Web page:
It’s time to rethink the “frontline fundraiser”
Chapter Leadership Brief 11.4.2022
By Adam M. Doyno, MPA, CFRE
Executive Director, CUNY SPH Foundation
Director of Development, CUNY SPH Graduate School
As our profession emerges from the pandemic and its consequences to both nonprofits and many of the constituents we serve, it is time to rethink the wartime moniker of the “frontline fundraiser” in favor of a more equitable and accurate term.
For one thing, it implies that the lead fundraiser is a swashbuckling rainmaker enabling all the other functions of an organization - from researchers and grant writers to program managers – to exist. This creates a hierarchy that runs counter to the culture many nonprofits seek to build as we work towards common goals.
Having myself toiled over strategy and preparation materials for major fundraising meetings earlier in my career, I can attest that the folks working exclusively in front of a screen, going cross-eyed over a spreadsheet or database, are as critical to the overall success of the “ask” as is the person making it.
For another, the term conveys a combative, conquering approach that I believe is outdated, and possibly offensive, to the donors who are considering partnering with us. Those relationships are best realized when we cull our resources creatively to achieve better outcomes for the people and communities we serve.
So where did this term come from and why is it so prevalent? To try to get answers, I turned to the Internet, with predictable and unsatisfying results. Consultants trying to transform you or your fundraising staff into a frontline fundraiser. Books and classes about how to evolve into a frontline. Webinars through an affinity network to become “frontline” ready.
I next reached out to fellow fundraisers, friends that I have made or worked with or for over the course of 16 years. Amongst all the feedback I got from very respected individuals throughout our field in different domains and sectors, there was one mystifying common thread: there was no common definition.
When I dug deeper, I could see that the term – which seems to have emerged to prominence in the early to mid 2000s – is used haphazardly to describe those individuals making the “ask.” Some were ambivalent to the term but felt younger fundraisers saw meaning or value in it. Some wore it like a badge of honor. Some went so far as to say that its meaning has evolved over time and now implies anyone who works in advancement and not just those who are meeting prospects. Others felt it evoked an allure for the fundraising role – and a great deal of responsibility.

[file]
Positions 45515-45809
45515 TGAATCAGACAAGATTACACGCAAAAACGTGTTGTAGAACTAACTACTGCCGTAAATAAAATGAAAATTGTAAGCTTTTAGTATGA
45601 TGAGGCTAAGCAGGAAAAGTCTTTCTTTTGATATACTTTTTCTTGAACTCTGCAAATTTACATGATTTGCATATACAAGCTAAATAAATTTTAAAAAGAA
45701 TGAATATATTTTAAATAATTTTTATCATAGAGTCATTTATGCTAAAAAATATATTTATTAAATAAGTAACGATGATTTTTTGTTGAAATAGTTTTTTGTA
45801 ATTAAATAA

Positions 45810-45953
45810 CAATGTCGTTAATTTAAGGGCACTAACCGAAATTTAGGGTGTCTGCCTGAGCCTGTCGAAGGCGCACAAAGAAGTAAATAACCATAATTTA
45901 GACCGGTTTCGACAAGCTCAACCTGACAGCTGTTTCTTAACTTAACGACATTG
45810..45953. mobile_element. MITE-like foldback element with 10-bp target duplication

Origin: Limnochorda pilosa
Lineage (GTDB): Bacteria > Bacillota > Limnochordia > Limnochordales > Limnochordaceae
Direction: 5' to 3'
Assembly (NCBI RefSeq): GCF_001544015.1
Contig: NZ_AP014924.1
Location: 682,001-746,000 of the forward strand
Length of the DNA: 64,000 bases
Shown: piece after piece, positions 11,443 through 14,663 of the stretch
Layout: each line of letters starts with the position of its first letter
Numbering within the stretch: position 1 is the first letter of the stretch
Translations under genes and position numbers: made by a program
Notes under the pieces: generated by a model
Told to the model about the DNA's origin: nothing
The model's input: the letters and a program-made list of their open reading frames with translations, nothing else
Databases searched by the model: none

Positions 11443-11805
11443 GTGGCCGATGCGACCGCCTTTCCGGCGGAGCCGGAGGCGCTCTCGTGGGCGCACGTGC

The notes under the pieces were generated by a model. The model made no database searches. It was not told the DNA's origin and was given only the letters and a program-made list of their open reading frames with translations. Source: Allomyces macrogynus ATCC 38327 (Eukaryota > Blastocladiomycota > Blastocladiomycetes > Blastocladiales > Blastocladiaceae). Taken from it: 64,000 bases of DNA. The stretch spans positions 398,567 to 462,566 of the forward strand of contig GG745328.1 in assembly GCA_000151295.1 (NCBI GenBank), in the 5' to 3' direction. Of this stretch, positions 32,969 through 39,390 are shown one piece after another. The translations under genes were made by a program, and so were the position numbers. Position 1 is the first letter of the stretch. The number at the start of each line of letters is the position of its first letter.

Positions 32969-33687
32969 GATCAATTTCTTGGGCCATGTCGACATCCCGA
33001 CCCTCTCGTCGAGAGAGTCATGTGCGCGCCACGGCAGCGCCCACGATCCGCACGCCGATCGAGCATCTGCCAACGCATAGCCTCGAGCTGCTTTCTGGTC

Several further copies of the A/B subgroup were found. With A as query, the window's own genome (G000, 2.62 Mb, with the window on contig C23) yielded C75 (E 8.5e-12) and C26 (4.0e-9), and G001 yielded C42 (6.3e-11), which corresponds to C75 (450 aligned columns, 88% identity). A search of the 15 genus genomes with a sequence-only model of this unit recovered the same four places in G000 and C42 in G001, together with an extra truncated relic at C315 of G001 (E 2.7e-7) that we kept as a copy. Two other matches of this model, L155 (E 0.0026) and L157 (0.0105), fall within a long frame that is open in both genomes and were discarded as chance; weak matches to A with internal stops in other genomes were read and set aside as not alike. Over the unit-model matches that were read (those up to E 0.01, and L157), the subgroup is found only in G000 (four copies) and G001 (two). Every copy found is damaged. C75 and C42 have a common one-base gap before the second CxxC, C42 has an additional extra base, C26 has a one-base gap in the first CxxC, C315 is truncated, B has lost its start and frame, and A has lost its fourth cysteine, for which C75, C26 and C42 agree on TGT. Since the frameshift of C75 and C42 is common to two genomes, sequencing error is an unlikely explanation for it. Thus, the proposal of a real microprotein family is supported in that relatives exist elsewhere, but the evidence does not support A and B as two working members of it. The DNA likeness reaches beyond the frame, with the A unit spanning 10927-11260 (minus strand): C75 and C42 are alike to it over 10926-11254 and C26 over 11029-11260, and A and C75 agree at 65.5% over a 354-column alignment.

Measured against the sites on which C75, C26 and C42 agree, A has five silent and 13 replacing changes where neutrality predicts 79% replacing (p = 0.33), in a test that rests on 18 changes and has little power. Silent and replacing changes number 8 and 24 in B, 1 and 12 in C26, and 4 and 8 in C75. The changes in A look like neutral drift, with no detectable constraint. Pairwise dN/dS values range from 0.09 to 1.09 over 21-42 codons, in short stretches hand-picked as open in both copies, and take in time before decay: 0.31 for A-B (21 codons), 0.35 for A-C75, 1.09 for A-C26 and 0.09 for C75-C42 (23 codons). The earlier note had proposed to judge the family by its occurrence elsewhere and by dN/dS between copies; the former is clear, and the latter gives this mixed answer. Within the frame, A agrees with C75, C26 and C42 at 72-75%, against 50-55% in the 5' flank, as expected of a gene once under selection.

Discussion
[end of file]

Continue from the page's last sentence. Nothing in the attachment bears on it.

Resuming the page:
What this told me is that the term has no real definition - but does have a major impact on our profession’s ability to hire and cultivate fundraisers and staff.
So, let’s take a fresh look at the role and its part in our organizations – and begin to reimagine how we describe it.
Some organizations do need rainmakers: fearless individuals who exude passion for mission and charisma in a way that wallets explode in their mere presence. But not every nonprofit needs this type of fundraiser and not every fundraiser should be expected to be this person.
In fact, we as the Association of Fundraising Professionals can redefine what “frontline fundraiser” – and indeed “frontline” itself, means.
I’m not sure that these phrases need to exist, but they are not going away anytime soon. That is why we as an organization should take a leadership role in this discussion. Much like a Donor Bill of Rights, or Code of Ethics, our group is uniquely positioned to spark this conversation.
We must ensure that these words are not being misused or misunderstood by fundraisers, executives, or volunteers. This includes articulating and elevating what it means to be part of the advancement team, even if they do not sit at the table where the "ask" is made. While many fundraisers take great pride in the term, we should carefully consider how it lands with our colleagues whose skill sets lie in grant writing or prospect research, and how it shapes an organization’s culture.
Much like in a restaurant, in our industry there is the front of the house and the back of the house. Without those behind the scenes who prepare the food and orchestrate the logistics, those in the front have nothing to offer our guests.
In particular, when what is being offered are strategies for greater equality and commonality, we must hold ourselves and our terminology accountable.